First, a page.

- financial flash dashboard demo
- sales flash dashboard demo
- sales management dashboard
- airline dashboard demo
As I discussed in my comment to the Spy’s post is that a little animation goes a long way.
If “animation” only means slick effects showing the graphics being constructed, then it is a waste of resources and of the user’s time. A good dashboard does not need animation. The graphics should appear instantly in their completed state.
If the animation shows the user how conditions or performance have changed over time, then it may be a worthwhile animation. It must be done cleanly, with controls that allow the user to stop and start the animation, and stop at any intermediate place during the process. I have described a number of animation examples in this blog, and all of them show the development of one state from another, with playback control buttons that everyone is familiar with. But this type of animation is usually better for more detailed descriptions than are effective in a dashboard.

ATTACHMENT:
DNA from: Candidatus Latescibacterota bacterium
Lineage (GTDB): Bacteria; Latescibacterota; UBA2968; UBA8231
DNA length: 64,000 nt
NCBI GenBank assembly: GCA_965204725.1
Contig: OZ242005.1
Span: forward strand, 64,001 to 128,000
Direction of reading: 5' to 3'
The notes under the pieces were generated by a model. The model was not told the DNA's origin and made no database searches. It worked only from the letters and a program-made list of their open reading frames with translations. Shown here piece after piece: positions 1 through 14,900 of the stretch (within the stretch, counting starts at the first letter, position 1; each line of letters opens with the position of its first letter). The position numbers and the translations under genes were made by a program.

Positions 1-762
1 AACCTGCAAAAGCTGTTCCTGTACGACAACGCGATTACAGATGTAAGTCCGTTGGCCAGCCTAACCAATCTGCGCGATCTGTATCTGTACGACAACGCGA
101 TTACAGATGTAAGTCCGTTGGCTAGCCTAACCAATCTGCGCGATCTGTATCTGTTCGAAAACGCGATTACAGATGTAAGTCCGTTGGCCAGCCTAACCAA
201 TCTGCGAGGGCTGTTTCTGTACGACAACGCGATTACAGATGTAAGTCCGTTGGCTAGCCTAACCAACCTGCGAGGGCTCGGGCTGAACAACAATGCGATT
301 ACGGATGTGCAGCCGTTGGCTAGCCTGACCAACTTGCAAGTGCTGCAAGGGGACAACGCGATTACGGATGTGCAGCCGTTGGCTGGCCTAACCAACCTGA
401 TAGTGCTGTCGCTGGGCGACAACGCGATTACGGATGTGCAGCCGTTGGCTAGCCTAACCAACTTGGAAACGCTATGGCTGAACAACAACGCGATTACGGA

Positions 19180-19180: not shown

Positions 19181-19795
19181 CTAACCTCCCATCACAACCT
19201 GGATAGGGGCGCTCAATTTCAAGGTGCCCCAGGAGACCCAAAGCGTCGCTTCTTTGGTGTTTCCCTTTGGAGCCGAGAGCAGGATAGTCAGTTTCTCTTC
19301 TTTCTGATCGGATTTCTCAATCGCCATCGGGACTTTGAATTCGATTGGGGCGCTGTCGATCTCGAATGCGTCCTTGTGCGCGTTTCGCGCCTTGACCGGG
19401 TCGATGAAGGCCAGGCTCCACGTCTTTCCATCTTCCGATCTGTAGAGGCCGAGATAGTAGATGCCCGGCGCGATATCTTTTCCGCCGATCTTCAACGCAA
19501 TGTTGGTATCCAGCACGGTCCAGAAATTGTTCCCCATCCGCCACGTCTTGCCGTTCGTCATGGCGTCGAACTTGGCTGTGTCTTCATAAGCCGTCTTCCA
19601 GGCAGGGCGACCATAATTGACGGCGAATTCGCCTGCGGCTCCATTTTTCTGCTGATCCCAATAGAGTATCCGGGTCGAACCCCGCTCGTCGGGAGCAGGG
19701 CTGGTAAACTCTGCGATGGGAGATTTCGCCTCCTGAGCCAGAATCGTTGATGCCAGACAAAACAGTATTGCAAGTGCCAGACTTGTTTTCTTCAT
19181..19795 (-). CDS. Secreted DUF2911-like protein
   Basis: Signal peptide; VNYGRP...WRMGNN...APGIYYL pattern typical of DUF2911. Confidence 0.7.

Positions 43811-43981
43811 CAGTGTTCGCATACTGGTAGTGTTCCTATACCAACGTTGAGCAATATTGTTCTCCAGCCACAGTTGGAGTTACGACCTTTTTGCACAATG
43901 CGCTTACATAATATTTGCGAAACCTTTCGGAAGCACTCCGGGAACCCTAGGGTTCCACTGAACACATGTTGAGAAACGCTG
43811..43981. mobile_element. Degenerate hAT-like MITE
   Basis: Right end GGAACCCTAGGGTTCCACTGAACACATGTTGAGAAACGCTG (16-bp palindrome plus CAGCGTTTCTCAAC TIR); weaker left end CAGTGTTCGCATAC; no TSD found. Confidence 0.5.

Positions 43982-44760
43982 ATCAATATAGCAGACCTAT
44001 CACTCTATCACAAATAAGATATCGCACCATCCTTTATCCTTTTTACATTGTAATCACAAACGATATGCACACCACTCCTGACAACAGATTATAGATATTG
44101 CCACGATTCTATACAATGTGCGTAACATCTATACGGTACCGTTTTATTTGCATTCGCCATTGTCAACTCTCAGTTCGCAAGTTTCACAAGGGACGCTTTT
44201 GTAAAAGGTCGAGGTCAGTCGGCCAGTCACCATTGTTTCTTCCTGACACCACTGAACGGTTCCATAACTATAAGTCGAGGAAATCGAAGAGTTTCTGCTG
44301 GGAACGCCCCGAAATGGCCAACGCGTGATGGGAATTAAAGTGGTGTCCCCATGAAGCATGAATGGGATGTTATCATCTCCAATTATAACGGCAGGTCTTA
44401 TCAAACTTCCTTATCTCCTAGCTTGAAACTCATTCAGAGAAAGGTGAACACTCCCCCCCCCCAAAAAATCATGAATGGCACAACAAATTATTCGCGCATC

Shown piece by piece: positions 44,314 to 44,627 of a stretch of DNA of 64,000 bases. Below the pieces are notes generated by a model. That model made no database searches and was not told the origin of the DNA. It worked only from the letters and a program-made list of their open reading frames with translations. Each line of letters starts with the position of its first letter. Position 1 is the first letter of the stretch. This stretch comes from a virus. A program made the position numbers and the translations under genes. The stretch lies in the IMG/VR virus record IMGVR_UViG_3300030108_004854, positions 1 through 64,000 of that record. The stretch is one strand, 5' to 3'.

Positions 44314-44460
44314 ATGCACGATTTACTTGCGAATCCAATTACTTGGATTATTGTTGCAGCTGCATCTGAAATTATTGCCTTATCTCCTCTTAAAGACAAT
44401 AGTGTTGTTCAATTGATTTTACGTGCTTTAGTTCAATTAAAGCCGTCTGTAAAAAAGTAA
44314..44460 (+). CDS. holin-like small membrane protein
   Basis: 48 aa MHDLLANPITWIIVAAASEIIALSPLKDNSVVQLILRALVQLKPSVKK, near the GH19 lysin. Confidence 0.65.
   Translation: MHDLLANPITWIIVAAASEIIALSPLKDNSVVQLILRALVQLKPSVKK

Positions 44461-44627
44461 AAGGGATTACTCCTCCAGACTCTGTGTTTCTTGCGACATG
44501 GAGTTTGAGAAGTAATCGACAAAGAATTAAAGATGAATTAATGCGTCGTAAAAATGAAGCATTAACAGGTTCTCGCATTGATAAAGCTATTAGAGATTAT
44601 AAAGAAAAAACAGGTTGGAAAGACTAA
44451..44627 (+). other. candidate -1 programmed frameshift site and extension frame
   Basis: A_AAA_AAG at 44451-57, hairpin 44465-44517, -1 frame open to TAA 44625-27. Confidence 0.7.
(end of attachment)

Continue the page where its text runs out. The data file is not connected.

A good dashboard could also benefit from interaction, rather than animation. Interaction may mean the ability of a user to drill down on a chart to see further information, or the ability to change some inputs to see effects on predicted behavior.
The animations provided in the Fusion Charts examples do nothing to elaborate on the data. They do not clarify information in the data. They serve only to entertain the user instead of instantly showing the information that was called up. Therefore the Fusion Charts animation qualifies as gratuitous eye candy. Such animation does not belong in any effective business dashboard.